I happily crawl toward Christmas. I managed to gather myself together and get out the door by 3:00 pm yesterday to go shopping for groceries, catz fud and gifties, mostly of the stocking stuffer variety, but also to replace the boombox mentioned in my last post.
I returned the one purchased earlier which apparently was the reincarnation of Tony’s grandmother’s coffee grinder. That appliance came to a gruesome end when Tony and his brother, ages six and eight, decided to grind rocks in it in 1947. I don’t see why I have to be haunted by the darn thing’s ghost. I’m not the one who put rocks in it. Why should I be smacked in the head with the karma which rightly belongs to two naughty little boys?
Never mind, this time I bought a cheap CD, unpacked the new boombox, plugged it into one of the store’s outlets and did a test drive. Satisfied I had a CD player and not another appliance in disguise I stuffed it back in the box and went upon my merryful way.
Negotiating the aisles was very much like playing with one of those puzzles where there is a picture made up of scrambled squares inside a frame and only one empty space. Someone, somewhere, had to move for anyone, anywhere, to move. No one cared, there was lots of laughing and reaching over heads and passing of boxes and bottles down the line, except for one little boy about nine who got separated from his mother in the crowd and panicked. He didn’t speak English and was howling in terror. It took two or three minutes to find someone who spoke whatever language the poor kid was speaking and to make a “Lost Child Call” in his language on the PA system. He was being comforted and fed chocolate by two clerks when his substantial Mama arrived to claim him.
Since the sun goes down at 4:30 it was black dark by the time I finished shopping. I ran by our favourite Thai place to pick up dinner and somehow in the dark made a wrong turn on my way home and ended up in a strange neighbourhood. I had absolutely no idea where I was, and I got completely turned around. I ended up coming out on a busy street a couple of miles west of where I thought I was. I couldn’t turn left toward home across traffic so had to turn back the other way and drive toward downtown until I found a light and could circle around. This is why they don’t let me drive the firetruck!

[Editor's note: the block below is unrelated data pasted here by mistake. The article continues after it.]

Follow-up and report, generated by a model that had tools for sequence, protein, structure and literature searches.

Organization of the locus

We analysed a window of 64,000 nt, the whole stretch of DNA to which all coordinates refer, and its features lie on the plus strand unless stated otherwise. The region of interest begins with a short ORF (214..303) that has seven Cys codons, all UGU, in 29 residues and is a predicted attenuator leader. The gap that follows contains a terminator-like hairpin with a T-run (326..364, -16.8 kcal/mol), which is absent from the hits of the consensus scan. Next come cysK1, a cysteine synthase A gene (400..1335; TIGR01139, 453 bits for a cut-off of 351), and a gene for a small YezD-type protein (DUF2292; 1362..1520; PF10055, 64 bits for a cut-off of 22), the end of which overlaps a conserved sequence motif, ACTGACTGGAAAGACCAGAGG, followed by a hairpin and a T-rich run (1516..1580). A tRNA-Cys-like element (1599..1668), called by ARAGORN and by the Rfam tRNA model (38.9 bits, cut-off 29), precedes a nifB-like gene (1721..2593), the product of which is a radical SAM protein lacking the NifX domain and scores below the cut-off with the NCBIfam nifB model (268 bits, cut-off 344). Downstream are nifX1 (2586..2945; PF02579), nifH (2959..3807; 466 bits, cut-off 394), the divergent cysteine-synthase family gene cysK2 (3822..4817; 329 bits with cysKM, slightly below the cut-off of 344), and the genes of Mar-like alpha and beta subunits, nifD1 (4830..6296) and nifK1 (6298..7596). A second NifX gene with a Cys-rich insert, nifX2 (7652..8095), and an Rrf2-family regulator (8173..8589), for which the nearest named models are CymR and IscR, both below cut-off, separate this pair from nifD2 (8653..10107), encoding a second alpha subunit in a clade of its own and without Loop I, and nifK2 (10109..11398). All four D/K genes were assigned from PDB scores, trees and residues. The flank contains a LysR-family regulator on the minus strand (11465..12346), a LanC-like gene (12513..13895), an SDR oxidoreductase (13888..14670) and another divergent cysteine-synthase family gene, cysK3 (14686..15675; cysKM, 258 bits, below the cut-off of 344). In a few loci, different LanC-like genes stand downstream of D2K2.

I finally got the “tree” up and decorated. The “tree” is a two-foot-high stick with some others sticks poking out of it, all wrapped in what appears to be coloured hockey tape. Each branch ends in a tiny LED light. We have an actual tree hidden away in a box in the hall closet, but we also have an extremely naughty cat who is determined to do away with the tree and decorations as quickly as they can be put up. So this tiny tree is six feet ( 2 m) off the ground on a narrow shelf he can’t jump on.
But I rather like this bare little stick. It reminds me of my maternal grandfather Henry Clark. He always slipped out on Christmas Eve and cut an evergreen tree and decorated it with paper chains, strings of popcorn and tiny candles for his children to wake up to on Christmas morning. One Christmas they were living on the Oklahoma prairie and there were no evergreens for miles. He solved his "tree" problem by buying a roll of red crepe paper, cutting a small oak tree, wrapping the trunk and branches in red crepe paper and seating the tree in a coffee can full of plaster. On each branch he put a candle, and he draped the branches in their usual paper chains and popcorn garlands.
My next Christmas task is the wrapping of gifts, but I’m also going to make gluten-free fruitcake for my fellas and I wanted to share the recipe. It’s not in the trad loaf shape, but it tastes good all the same. I guess if I run short of time I can always just drink the brandy and eat the fruit in my porridge. LOL
- 3/4 cup (175 mL) chopped dried apricots
- 3/4 cup (175 mL) chopped golden raisins
- 1/2 cup (125 mL) candied ginger
- 1/2 cup (125 mL) dark raisins
- 1/2 cup (125 mL) chopped dried figs
- 1 cup (250 mL) brandy
- 1 cup (250 mL) gluten-free all-purpose baking flour
- 1 tsp (5 mL) baking soda
- 1 tsp (5 mL) cinnamon
- 1 pinch ground cloves
- 1 pinch ground allspice
- 1/4 cup (60 mL) chopped toasted walnuts
- 1/4 cup (60 mL) toasted pine nuts
- 1/2 cup (125 mL) butter, softened
- 1/2 cup (125 mL) packed brown sugar
- 3 eggs
- 1/4 tsp (1 mL) salt
- Line 8-inch (2 L) square metal cake pan with parchment paper; set aside.
- In saucepan, combine apricots, golden raisins, ginger, dark raisins and figs; stir in brandy. Bring to boil; reduce heat and simmer until no liquid remains, 6 to 8 minutes. Cover and let cool, 15 minutes.
- In bowl, whisk gluten-free baking flour, baking soda, cinnamon, salt, cloves and allspice; transfer 2 tbsp (25 mL) to small bowl. Set aside remaining mixture.
- Add walnuts and pine nuts to flour in small bowl; toss to coat.
- In large bowl, beat butter with sugar until fluffy; beat in eggs, 1 at a time. Stir in flour mixture just until combined. Stir in fruit mixture and nut mixture. Scrape into prepared pan, smoothing top.
- Bake in centre of 300°F (150°C) oven until cake tester inserted in centre comes out clean, about 1 hour. Let cool in pan on rack. (Make-ahead: Wrap in plastic wrap and store at room temperature for up to 2 days.)